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Selections from Jean Paul Friederich Richter. By John Oxenford 399

The Last Adventures of Hereward the Saxon. By Thomas Wright,



The Opera

406, 662

Revelations of London. By the Editor


Extract from the Log of a Privateer’s-man, a Hundred Years Ago. By

Captain Marryat, R.N.


Death and the Ruffians. A Tale from Chaucer. By Leigh Hunt 509


Sketch of the late Rev. R. H. Barham, with a few Lines to his Memory:

In a Letter to the Editor from John Hughes, Esq.


The Last Moments of Andrea Zurbaran, the Celebrated Spanish Painter.

Suggested by the beautiful Picture of Mr. Haghe. By Thomas Ros-

coe, Esq.


Beauchamp; or, the Error. By G. P. R. James, Esq.


The Mummelsee. By John Oxenford, Esq.


The Fortune of France ; or, the Hotel de Cluny. By Dudley Costello,



Jacob"Omnium, M.P. The Merchant Prince


Anacreontique. By Edward Kenealy, Esq.


Petrarch to Laura. By Edward Kenealy, Esq.


Where shall we Meet, Love? By J. L. Forrest, Esq.


The Fox in the Well. (Æsop Illustrated.) By the Author of “ Peter



The Rivers and Cities of Babylonia. By Francis W. Ainsworth, Esq.

Part I. .


Count d’Orsay's Portrait of Lord Byron


LITERATURE OF the Monta (for ‘May) :—Self. By the Author of

“Cecil.”— Thiers' History of the Consulate and the Empire.-The
Marlborough Despatches. Edited by Sir G. Murray.—Jonathan Sharp.
- Peninsular Sketches. Edited by W. H. Maxwell, Esq.-De Rohan ;
or, the Court Conspirator. By Eugene Sue.-Colonel Cameron's
Georgia, Circassia, and Russia

(for June) :-Sybil; or, the Two Nations.
By B. Disraeli.-Memoirs of Charles Stuart, the Young Pretender.-
Lives of the Queens of England. Vol. VIII. By Miss Strickland.
Diplomatic Correspondence of the Rt. Hon. Richard Hill 281-292

-(for July) :-Memoirs of Lady Hester Lucy
Stanhope.-The White Slave ; or, the Russian Peasant Girl.-Me
moirs of Sophia Dorothea, Consort of George I.

(for August) :-The Dispatches and Letters

of Vice-admiral Lord Viscount Nelson, with Notes by Sir Nicholas

Harris Nicolas, G.C.M.G. The Third Volume.-The Mission ; or,
Scenes in Africa. Written for Young People. By Captain Marryat.

-A Tour Through the Valley of the Meuse, with the Legend of the

Walloon Country and the Ardennes. By Dudley Costello.-Count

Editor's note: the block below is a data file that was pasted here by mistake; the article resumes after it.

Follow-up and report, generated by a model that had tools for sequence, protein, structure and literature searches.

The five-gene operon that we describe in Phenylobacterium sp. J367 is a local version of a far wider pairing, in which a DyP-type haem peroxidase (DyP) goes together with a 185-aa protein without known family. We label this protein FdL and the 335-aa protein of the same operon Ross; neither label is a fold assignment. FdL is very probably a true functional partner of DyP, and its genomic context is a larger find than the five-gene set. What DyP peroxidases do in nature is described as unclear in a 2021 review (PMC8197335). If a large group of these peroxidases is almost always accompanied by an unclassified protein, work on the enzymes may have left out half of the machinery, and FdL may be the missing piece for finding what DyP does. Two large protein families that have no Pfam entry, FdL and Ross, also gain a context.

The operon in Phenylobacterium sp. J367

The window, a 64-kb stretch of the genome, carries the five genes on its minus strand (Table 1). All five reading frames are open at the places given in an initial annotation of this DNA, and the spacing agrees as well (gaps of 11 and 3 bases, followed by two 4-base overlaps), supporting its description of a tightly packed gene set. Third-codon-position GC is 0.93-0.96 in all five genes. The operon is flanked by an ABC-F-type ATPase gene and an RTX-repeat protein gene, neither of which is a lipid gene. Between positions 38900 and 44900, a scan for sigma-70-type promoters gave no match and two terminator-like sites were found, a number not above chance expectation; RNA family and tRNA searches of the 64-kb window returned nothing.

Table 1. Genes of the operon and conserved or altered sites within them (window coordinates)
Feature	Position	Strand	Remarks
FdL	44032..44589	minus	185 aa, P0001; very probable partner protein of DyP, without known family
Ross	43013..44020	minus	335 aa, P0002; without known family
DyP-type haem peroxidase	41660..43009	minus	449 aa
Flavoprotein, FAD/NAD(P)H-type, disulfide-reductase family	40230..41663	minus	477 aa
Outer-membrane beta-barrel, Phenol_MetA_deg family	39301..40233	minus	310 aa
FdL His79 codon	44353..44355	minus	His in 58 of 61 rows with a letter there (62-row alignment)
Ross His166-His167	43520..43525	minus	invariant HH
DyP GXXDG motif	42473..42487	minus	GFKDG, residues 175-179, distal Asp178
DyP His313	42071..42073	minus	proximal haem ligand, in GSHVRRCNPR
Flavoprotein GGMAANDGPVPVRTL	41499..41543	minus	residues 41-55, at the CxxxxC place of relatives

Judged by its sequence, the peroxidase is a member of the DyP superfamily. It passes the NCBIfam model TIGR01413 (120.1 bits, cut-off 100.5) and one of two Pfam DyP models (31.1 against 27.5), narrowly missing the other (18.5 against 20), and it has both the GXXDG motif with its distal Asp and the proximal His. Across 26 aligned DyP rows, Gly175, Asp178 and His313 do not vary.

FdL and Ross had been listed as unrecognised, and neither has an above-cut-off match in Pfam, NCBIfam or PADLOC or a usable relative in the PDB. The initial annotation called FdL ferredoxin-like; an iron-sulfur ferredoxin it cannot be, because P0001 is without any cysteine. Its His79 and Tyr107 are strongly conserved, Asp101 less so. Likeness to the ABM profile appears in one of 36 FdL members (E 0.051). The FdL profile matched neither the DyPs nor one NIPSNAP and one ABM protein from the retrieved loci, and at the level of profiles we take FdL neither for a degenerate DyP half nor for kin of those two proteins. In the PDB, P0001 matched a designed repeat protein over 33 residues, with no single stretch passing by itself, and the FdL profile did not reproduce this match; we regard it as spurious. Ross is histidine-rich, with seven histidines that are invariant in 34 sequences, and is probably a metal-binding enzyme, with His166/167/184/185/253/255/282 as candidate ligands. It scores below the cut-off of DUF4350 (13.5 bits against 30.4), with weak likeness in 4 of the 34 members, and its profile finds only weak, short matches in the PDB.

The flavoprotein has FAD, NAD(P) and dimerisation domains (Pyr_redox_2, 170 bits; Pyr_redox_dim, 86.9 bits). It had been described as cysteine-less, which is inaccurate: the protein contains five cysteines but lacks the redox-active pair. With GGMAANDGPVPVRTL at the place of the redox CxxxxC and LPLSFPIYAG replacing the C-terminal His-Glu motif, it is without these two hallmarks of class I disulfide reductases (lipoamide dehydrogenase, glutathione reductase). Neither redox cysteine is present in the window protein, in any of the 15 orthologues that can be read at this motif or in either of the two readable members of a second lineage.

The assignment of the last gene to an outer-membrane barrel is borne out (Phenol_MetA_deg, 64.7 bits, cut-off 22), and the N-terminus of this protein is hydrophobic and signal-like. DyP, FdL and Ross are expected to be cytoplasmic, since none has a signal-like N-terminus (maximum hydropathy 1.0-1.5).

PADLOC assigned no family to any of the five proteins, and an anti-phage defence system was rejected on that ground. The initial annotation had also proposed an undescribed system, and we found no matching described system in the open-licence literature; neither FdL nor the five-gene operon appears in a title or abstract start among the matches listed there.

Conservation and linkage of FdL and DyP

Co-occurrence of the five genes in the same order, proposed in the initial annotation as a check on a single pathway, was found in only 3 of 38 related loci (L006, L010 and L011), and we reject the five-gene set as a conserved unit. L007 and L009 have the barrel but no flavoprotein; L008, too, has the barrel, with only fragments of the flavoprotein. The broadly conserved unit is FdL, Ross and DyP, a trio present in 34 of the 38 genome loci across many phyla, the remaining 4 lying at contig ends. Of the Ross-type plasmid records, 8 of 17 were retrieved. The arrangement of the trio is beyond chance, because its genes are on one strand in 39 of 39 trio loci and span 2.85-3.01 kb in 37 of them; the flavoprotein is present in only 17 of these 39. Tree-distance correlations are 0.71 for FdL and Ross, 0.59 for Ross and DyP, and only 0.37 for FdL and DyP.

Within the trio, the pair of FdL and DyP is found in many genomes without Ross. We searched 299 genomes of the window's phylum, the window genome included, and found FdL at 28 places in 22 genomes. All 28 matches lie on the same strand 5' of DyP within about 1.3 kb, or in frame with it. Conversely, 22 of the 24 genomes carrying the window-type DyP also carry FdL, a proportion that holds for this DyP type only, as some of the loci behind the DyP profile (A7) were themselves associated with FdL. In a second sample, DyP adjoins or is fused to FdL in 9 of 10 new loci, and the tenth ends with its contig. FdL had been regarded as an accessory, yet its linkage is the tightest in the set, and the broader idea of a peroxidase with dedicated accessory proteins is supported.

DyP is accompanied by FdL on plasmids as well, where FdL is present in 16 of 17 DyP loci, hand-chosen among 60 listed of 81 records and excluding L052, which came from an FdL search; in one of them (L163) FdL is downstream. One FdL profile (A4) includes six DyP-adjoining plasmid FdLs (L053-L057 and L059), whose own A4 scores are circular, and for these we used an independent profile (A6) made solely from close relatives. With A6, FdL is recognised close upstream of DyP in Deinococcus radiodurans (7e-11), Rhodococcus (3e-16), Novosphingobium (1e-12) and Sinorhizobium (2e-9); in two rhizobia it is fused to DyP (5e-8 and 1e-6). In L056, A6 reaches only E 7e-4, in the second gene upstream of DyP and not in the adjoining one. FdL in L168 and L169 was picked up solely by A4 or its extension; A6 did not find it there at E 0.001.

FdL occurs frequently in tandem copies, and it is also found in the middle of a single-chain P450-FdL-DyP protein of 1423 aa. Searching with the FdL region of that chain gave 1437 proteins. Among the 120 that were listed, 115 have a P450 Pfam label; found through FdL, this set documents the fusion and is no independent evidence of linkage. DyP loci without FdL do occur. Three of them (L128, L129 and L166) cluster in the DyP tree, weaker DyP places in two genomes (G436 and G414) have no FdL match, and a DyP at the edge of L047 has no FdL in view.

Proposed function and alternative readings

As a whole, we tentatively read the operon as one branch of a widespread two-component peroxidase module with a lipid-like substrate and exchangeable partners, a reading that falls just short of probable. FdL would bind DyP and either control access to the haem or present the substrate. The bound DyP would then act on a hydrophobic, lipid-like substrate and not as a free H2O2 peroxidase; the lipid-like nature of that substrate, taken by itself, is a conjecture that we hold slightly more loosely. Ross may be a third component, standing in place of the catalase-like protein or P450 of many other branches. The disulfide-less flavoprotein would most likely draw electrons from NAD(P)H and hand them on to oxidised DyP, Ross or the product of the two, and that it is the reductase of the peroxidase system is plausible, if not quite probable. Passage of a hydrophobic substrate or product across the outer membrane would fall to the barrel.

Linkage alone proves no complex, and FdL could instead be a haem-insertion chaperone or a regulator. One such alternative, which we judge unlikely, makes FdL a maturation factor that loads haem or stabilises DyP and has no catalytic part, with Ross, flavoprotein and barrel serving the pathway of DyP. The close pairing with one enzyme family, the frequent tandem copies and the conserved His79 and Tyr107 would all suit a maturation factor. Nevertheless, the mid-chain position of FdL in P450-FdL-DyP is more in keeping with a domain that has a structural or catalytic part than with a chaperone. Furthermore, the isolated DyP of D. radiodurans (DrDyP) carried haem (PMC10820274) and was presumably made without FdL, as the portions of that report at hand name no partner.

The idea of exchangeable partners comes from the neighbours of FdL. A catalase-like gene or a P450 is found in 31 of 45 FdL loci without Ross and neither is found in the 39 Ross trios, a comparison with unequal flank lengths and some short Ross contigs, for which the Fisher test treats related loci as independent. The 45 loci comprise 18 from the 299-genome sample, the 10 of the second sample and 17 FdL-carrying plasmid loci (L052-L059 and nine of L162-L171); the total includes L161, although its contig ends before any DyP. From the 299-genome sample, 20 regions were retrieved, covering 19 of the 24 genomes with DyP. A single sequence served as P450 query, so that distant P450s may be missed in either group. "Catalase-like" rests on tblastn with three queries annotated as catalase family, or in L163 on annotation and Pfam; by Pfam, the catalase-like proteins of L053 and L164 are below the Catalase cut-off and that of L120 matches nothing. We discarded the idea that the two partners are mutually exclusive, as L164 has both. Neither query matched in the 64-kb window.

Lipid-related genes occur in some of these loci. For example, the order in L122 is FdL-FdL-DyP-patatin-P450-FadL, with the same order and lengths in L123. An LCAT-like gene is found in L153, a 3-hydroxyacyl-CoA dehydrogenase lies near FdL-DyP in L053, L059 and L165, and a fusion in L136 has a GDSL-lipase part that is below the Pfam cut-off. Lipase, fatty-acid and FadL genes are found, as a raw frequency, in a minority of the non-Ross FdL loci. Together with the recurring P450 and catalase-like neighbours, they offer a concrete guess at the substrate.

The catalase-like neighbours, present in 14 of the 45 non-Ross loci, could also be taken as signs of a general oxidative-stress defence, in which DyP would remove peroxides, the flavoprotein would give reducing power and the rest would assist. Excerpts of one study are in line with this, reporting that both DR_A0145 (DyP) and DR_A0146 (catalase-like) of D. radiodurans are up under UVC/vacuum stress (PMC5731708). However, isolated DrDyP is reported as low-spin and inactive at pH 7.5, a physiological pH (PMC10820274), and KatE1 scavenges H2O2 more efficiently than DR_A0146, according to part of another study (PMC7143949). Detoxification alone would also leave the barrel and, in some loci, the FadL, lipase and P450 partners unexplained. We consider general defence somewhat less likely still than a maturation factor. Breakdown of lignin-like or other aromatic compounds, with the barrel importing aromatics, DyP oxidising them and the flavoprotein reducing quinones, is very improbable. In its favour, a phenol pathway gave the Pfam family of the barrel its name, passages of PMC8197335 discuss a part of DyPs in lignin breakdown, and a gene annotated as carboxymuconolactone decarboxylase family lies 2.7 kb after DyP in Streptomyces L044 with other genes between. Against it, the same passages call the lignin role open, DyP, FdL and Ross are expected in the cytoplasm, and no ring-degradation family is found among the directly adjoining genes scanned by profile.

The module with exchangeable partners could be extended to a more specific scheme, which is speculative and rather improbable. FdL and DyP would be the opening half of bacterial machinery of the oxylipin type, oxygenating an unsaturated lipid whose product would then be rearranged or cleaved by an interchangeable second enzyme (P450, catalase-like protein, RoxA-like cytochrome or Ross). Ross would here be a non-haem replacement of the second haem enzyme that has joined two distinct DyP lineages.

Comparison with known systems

Königsmark. An Historical Romance. By Captain Chamier, R.N. 665—672





No. IV.


THERE are governments which are based upon a single principlesuch is the omnipotence which the autocrats of Russia must assume to secure to their extended and unwieldy empire vitality and rapidity of synchronous action ; or the constitutional government of England, where truth is evolved by party collision, in which, though the obliquity of a Prime Minister may, for the instant, carry the vessel of the state close upon the breakers, it will, at the return tide, right itself, and, with a sudden lurch, overthrow the shifting and unsteady helmsman. On the other hand, there are nations where the genius of one man stands in lieu of principle--as we see Louis Philippe in France, who mounted to the throne on the ruins of all that constitutes government, and there maintains himself, because, of the political game, he knows every trick upon the cards. The nation, however, has no legitimate governing principleall is bought, all is sold, from the senate downwards. Its liberty consists but in occasional outbursts of licence—the constitution is a word without a fact—the laws breathe freedom—the executive exerts tyranny—all is corruption, and in it the roots of Louis Philippe's power find

easy entrance, and a congenial and fructifying nutriment; sucking up the juices to augment its strength ; expanding its overshadowing branches like a tree planted in its natural congenial soil. But, rapid as is the growth, succulent as may be the tree, well we know that such is not the growth that resists best the tempest. It is the fir, with its scant foliage, although placed on the highest mountain top, twining and pushing its spare roots into the fissures of the sterile rock, that defies the hurricane. The dynasty of Louis Philippe and the peace of Europe hang upon his life, and will be disturbed by the first political gale which follows his decease.



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Other great countries there are of more ancient rule, whose political being also seems to depend upon one man.

Of this Austria is a striking instance. The name of Metternich has been hitherto the whole expression of its power; and for special reasons this great statesman attracts and rivets the attention of the whole world at this moment. With the late amiable Emperor Francis, he represented the governing power, and, with the present emperor, for reasons which we will not state from motives of respect, the Chancellor of the Empire has been still more necessarily the power behind the throne,” in whose shadow the throne itself has reposed. To feel the absorbing interest that attaches itself to this great statesman, we must reflect how boundless are the possessions of the Austrian crown—its ancillary states alone, extending from the Alps to the shores of the Adriatic, and thence to the frontiers of Turkey—that, on the one hand, there are the several republics and kingdoms of Italy, whose subjects may not think of their ancestors or open a book of history without an imprecation against the yoke of the stranger-that, on the other side, there is Transylvania, and nearer home Hungary, a mighty kingdom in itself, enjoying unbounded liberty, save in the disposal of the fruits of its soil and the resources of its government.